The Monday Memo
November 18th, 2019 PITT DPT STUDENTS
Pets and PT
Much like human medicine, veterinary medicine is seeing a shift in practice to more preventative care versus reactive treatment. In 2003, the Canine Rehabilitation Institute established a program of Canine Rehabilitation offering a Canine Rehabilitation Therapist Certification (CCRT) that requires one to be a licensed physical therapist in order to qualify for enrollment. Today, there are two places where you can become certified in canine rehabilitation, the Canine Rehabilitation Institute and the Univeristy of Tennessee. UoT also has certification programs for equine rehabilitation, equine taping, canine fitness training, canine osteoarthritis case management, canine pain management, and nutrition case management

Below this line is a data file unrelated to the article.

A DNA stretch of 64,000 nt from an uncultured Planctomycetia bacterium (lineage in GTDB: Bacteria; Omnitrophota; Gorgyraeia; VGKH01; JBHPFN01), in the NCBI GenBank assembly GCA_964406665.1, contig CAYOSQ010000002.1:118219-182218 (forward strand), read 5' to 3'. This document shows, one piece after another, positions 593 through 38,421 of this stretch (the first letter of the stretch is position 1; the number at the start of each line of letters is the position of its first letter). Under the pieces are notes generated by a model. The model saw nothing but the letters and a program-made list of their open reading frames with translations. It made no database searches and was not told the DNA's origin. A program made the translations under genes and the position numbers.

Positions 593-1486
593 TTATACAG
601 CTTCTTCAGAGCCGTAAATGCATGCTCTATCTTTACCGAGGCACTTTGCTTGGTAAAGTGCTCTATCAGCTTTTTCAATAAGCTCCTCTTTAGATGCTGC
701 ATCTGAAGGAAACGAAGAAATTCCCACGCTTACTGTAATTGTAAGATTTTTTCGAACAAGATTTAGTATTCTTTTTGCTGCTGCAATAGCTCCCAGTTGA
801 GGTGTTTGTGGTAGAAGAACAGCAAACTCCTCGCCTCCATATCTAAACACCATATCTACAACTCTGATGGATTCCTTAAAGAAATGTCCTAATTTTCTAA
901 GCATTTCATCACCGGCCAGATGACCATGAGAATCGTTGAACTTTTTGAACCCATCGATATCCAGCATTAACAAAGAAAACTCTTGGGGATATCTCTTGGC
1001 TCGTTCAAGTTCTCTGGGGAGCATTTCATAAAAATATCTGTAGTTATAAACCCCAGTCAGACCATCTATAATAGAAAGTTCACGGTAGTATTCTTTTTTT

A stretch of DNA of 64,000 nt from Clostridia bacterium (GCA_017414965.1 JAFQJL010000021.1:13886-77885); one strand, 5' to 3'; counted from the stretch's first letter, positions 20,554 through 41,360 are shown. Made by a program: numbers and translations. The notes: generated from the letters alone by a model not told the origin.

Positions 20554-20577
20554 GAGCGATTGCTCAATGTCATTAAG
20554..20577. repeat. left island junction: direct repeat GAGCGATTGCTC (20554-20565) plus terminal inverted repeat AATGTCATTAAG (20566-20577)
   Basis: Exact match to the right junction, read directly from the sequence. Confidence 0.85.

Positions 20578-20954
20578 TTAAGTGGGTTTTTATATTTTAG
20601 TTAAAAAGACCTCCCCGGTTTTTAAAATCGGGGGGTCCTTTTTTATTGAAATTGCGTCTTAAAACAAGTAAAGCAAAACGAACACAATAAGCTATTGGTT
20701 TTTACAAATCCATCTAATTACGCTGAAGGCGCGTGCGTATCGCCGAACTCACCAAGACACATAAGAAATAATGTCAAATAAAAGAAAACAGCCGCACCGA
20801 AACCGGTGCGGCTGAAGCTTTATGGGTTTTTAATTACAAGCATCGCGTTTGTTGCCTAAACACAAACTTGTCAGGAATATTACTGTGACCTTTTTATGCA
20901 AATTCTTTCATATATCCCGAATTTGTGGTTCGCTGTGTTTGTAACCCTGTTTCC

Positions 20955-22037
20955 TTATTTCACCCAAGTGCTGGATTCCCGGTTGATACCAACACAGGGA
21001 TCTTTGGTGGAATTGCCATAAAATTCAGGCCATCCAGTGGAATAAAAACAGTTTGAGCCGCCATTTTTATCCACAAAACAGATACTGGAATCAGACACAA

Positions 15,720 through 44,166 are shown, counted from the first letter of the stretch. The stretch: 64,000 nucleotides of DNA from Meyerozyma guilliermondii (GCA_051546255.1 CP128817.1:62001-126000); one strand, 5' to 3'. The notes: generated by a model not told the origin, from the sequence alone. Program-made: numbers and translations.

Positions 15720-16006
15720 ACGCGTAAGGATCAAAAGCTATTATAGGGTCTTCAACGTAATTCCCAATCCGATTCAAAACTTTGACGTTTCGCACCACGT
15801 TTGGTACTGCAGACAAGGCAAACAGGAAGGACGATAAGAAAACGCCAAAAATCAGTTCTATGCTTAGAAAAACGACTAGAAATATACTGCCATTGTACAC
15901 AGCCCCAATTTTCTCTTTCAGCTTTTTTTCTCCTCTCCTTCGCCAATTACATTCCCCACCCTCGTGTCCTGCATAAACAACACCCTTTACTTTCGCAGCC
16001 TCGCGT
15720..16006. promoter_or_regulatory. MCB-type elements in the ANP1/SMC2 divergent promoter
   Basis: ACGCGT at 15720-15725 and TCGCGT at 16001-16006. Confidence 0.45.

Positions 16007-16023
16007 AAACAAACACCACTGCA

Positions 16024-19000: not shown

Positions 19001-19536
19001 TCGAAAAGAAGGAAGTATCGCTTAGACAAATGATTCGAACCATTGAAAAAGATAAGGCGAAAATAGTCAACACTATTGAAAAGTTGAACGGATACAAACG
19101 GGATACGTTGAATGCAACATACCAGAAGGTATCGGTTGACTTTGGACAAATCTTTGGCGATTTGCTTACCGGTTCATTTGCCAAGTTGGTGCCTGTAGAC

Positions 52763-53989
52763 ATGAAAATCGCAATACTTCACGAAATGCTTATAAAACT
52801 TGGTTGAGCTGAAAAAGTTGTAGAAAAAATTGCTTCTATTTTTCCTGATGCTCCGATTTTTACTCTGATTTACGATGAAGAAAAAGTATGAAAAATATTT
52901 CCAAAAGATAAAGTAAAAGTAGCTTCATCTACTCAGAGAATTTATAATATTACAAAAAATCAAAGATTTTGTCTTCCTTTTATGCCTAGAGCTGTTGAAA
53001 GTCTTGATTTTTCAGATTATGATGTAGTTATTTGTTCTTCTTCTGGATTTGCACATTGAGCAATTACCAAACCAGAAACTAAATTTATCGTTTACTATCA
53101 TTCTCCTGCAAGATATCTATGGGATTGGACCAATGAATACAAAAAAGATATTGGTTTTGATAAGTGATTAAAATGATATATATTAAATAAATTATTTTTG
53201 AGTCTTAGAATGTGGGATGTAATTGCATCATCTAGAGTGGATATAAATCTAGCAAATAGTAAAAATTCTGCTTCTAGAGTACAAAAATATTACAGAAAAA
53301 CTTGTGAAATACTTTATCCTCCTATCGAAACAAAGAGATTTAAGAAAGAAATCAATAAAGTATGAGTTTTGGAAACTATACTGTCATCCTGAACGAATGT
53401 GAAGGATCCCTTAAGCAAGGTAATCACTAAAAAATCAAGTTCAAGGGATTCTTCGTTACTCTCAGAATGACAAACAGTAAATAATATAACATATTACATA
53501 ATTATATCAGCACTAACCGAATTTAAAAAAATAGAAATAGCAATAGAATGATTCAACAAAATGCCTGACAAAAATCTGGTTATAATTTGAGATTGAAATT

Canine Therapist, Francisco Maia, PT, DPT, CCRT offered practical insights for those interested in pursuing canine rehab in an interview published by Emma Lam of CovalentCareers. His advice included: If possible, shadow someone who already works in the field to learn more about animal rehab. Additionally, successful animal rehabilitation therapist needs to know how to educate the family/owner about diagnosis, rehab programs, prognosis, and HEP. Lastly, the rehab concepts are more or less the same as human physical therapy – you just need to learn how to integrate animal anatomy and physiology with your physical therapy knowledge.
Lee, Emma. “How to Become an Animal Rehabilitation Therapist.” CovalentCareers, 17 May 2017, https://covalentcareers.com/resources/animal-rehabilitation-therapist/